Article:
- TV Show
- run date
- Ellen Pompeo, Chandra Wilson, Justin Chambers, James Pickens Jr., Kevin McKidd, Jessica Capshaw
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- In Season
Meredith takes her kids to the hospital, where she finds out that Derek is brain dead. Yes, the neurosurgeon is brain dead. Great irony, Grey’s! (Typed while rolling my eyes. I’m not bitter about this, not at all.)
She goes outside, where the doctor who made some bad decisions about his care is sitting. That doctor goes up to Mer and apologizes: “It was my job to save him and I failed. And now he’s going to die, because I was not a good enough doctor to keep him alive.”
First of all, it’s selfish as hell to go up to a woman who’s about to lose her husband and say that. Second of all, what’s Meredith supposed to say? “It’s okay!”?
Meredith, despite being in shock, gives this doctor the best response she could hope for. “You’re right. You did fail. You weren’t good enough,” Meredith starts before reminding her that tomorrow is another day. “So learn from this, better yourself, and you will be better for next time.”
The whole speech is powerful and tense, and ends with Mer giving the doctor some extra-tough tough love. “You don’t get to waste what would have been the rest of my husband’s life being a quitter,” she says. “So get back inside, because you’re not saving any lives out here.” And then… she throws up in the bushes. Honestly, I’m a little surprised she didn’t vomit sooner.
After that, Meredith goes inside to pull the plug on her husband. Snow Patrol’s “Chasing Cars,” a song that’s been featured in the show multiple times, starts playing. “Derek,” Meredith whispers. “It’s okay. You go. We’ll be fine.”
A montage of their happy moments together plays, and eventually we return to the hospital room where the nurse asks if Meredith is ready. “No,” she responds. “But go ahead.” And with that, Derek is gone.
Was this a good episode? Not particularly. And, frankly, I’m upset about that. Derek has been with the show from the very beginning. Season one, episode one, minute one, Derek was there. Cristina was here from the beginning too, but she got a wonderful exit: She said her goodbyes, danced it out with Meredith, and moved on to greener pastures. But Derek? All Derek got was a shitty group of doctors who couldn’t figure out how to save him.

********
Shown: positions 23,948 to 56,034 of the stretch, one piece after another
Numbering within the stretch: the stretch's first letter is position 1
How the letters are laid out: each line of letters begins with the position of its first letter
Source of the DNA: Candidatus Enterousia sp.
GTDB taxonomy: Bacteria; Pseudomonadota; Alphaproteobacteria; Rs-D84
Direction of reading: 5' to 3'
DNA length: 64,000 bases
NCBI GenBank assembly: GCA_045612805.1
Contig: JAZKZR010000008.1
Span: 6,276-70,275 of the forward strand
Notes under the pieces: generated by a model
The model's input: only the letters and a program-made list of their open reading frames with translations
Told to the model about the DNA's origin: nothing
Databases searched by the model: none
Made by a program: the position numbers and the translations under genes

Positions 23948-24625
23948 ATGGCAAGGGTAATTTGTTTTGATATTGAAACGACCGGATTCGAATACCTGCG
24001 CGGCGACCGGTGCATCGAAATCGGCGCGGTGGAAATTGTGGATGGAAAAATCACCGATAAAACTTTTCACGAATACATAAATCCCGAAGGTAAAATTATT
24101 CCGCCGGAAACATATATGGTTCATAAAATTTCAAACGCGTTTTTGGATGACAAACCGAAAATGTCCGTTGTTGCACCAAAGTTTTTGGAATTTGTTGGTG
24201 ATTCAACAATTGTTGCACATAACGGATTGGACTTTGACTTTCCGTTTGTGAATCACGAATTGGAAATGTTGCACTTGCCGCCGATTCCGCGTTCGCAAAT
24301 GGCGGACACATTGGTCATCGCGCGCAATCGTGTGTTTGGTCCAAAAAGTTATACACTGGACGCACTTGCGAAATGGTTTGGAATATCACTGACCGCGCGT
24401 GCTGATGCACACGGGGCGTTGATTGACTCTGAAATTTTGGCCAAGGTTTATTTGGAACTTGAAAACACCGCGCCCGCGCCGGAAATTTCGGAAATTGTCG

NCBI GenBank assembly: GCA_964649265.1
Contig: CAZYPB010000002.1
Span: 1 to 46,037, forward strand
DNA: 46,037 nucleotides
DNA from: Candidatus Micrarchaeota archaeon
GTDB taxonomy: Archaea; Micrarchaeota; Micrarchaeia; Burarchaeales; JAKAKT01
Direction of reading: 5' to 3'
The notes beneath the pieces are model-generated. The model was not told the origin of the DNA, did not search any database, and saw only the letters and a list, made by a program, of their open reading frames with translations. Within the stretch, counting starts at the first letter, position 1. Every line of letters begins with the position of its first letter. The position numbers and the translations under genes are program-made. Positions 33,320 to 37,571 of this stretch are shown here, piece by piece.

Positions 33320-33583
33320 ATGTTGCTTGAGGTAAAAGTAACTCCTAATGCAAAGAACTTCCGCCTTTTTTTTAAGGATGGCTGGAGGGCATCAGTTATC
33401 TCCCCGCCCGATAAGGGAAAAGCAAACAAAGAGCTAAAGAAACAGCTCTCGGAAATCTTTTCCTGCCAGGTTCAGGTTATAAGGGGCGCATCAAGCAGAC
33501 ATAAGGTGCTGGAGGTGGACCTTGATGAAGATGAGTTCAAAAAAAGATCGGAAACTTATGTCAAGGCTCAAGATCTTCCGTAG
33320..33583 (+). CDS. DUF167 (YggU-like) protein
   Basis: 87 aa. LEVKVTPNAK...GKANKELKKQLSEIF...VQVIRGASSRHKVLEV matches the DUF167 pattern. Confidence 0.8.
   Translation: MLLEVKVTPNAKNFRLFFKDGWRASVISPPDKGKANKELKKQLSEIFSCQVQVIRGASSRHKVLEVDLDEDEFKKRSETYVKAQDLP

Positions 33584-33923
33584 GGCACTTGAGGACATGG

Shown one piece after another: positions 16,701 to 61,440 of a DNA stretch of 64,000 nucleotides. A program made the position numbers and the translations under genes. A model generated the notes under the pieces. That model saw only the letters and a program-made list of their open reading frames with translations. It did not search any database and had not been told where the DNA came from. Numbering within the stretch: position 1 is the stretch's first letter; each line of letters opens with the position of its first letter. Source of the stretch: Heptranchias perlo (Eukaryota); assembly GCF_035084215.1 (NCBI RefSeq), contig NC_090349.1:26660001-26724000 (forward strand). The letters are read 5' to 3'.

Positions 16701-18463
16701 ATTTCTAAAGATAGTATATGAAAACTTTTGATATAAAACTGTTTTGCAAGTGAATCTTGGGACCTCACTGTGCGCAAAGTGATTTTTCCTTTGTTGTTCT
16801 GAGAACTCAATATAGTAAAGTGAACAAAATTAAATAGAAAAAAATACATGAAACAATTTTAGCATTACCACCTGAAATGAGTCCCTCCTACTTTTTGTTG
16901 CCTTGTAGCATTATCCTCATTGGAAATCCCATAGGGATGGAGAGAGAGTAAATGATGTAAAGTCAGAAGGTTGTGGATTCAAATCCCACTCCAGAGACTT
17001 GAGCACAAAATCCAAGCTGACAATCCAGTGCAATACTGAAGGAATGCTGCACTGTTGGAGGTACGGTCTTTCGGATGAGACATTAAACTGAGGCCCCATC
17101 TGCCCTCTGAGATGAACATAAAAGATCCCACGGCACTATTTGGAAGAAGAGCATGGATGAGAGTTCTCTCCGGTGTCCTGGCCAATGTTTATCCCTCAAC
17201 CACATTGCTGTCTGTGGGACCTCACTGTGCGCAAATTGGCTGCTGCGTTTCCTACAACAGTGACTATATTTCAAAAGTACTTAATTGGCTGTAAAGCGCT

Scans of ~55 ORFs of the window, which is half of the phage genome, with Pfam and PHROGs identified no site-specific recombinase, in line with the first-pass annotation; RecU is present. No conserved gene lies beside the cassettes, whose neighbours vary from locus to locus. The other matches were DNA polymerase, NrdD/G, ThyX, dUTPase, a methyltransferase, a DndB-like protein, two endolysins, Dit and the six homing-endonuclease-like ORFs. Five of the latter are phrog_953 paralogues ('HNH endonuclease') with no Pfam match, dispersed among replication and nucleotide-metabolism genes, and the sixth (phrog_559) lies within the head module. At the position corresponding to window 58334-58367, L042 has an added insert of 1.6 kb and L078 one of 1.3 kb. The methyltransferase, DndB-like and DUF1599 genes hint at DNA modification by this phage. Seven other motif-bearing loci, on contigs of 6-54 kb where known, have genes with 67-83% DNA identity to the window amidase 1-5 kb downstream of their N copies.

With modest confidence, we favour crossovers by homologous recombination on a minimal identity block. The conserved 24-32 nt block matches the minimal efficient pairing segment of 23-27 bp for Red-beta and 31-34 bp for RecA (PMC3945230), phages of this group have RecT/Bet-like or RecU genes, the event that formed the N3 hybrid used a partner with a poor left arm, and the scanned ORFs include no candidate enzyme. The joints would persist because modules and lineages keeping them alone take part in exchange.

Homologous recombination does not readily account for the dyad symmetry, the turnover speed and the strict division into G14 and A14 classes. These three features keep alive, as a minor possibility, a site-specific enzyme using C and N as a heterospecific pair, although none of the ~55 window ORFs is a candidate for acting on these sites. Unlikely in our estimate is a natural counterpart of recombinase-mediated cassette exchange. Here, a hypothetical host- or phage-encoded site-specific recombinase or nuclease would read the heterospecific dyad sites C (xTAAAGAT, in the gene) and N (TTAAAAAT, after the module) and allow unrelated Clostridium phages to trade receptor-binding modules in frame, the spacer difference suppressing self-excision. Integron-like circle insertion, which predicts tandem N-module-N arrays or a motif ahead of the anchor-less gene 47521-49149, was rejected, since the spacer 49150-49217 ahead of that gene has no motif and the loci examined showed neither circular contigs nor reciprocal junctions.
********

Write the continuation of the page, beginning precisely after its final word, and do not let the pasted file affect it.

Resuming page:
This season has been a big one for his relationship with Meredith. They’ve fought and made up and done long distance and realized that they want to spend the rest of their lives together. Two weeks ago, he was telling her how much he loved her and to wait for him—he’d be right back. In hindsight (and, to be honest, at the time), that moment was just too obviously foreshadowing to be viewed as anything but a sign of bad things to come. That’s how most of this episode felt, too. Basically every word exchanged while Derek was helping the car crash victims was a blatant signal that everything wasn’t going to be okay. Example: Derek at one point says, “No one’s going to die.” There’s a thin line between clever foreshadowing and the obnoxious kind, and this episode definitely leaned toward the obnoxious side.
Despite my annoyance with the episode itself, I still bawled when the police showed up at Meredith’s house. I still sobbed when “Chasing Cars” came on. I did that not because the writing was so strong (it wasn’t) or the story was so powerful (it wasn’t), but because I’ve known Derek Shepherd for 10 years.
Sticking with a show for 10 years requires a certain commitment, a certain attachment to its characters. And the magic of Grey’s is that its characters made committing to the show almost irresistible. Sure, it has its weak moments, and there are still characters I wish didn’t exist, but every so often, Meredith or Derek or Webber will have a moment that reminds me why I keep watching, why I never stopped—so watching one of those characters die hurts. It really, really hurts.
Shonda Rhimes’ Twitter bio says, “Remember, it’s not real, okay?” She’s right; it’s not. But the emotions I’m feeling—the emotions a lot of us are feeling—prove the power of the characters she’s created over the years. I can logically know it’s not real, but that’s not going to stop me from mourning for a bit.
The season’s not over, so what’s to come is probably going to be lots of grieving—and maybe a return of Dark and Twisty Meredith. But, for now, let’s remember Shepherd in all his dreamy, dreamy glory. Grey’s will never be the same without you, McDreamy. We’ll miss you.